• During our conversation with OFD, OFSC member Martin Matarrese and I advocated for the long-held desire of Adopt-a-Spot volunteers for better coordination between OFD contractors and the Adopt-a-Spot leads to avoid damage protected plants or intentionally planted natives. We worked out a compromise as follows:
    • Between now and April 27, volunteers need to flag one or two protected areas in their adopt-a-spot spaces. They should take a photograph and, if possible, also mark it on a Google map, and send those to Travis Hansen at ASAP so that he can include it in the bid documents that are sent out to the contractors.
    • However, because OFD’s first priority is to reduce the risk of wildfire, they have asked volunteers to do the careful weeding within those protected zones prior to the work of the contractor (i.e. by April 27); otherwise, OFD will instruct the contractor to reduce the fuel load within the zone as well. Travis did say that he could be somewhat flexible on the deadline (maybe delay work by a week) so please mark your zones and then stay in touch with Travis should you run into problems meeting the deadline.
  • During the conversation with Councilmember Thao, I raised the problem of the loss of corporate volunteers that many Adopt-a-Spot leaders have depended on in the past to help keep their areas maintained. In some instances, Adopt-a-Spot groups have funds to hire a contractor to do the work (since many volunteers fall into the Covid-19 High Risk category and are avoiding their usual activities as a precaution.) I asked if the City would allow volunteers to hire contractors to do the work under these unusual circumstances.  More to come on that topic…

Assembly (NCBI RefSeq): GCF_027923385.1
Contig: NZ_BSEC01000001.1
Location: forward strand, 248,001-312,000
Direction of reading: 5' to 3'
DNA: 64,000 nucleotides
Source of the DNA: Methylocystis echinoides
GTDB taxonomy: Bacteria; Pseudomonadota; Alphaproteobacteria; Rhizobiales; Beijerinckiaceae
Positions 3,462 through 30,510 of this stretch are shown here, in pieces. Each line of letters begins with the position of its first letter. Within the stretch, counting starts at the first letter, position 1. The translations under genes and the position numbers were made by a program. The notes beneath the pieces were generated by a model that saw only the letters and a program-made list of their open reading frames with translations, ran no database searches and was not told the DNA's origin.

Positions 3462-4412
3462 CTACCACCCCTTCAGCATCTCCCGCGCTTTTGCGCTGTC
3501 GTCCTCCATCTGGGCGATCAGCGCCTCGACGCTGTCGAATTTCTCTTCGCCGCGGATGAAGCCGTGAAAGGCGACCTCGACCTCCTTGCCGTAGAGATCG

• The City’s reduction to only essential services has implications for getting rid of green waste from these projects. Councilmember Thao said she would raise the need to look at the process stream of vegetation management to see if the City can reduce such roadblocks to getting our community ready for wildfires in the midst of Covid-19.  Meanwhile, if Adopt-a-Spot efforts result in a large amount of debris, the leaders can contact their Councilmembers for free debris boxes (but note, they each only have 12 boxes a year to allocate!)
  • Waste Management has said it has temporarily suspended any activity that requires their employees to exit their truck. They recommend that homeowners: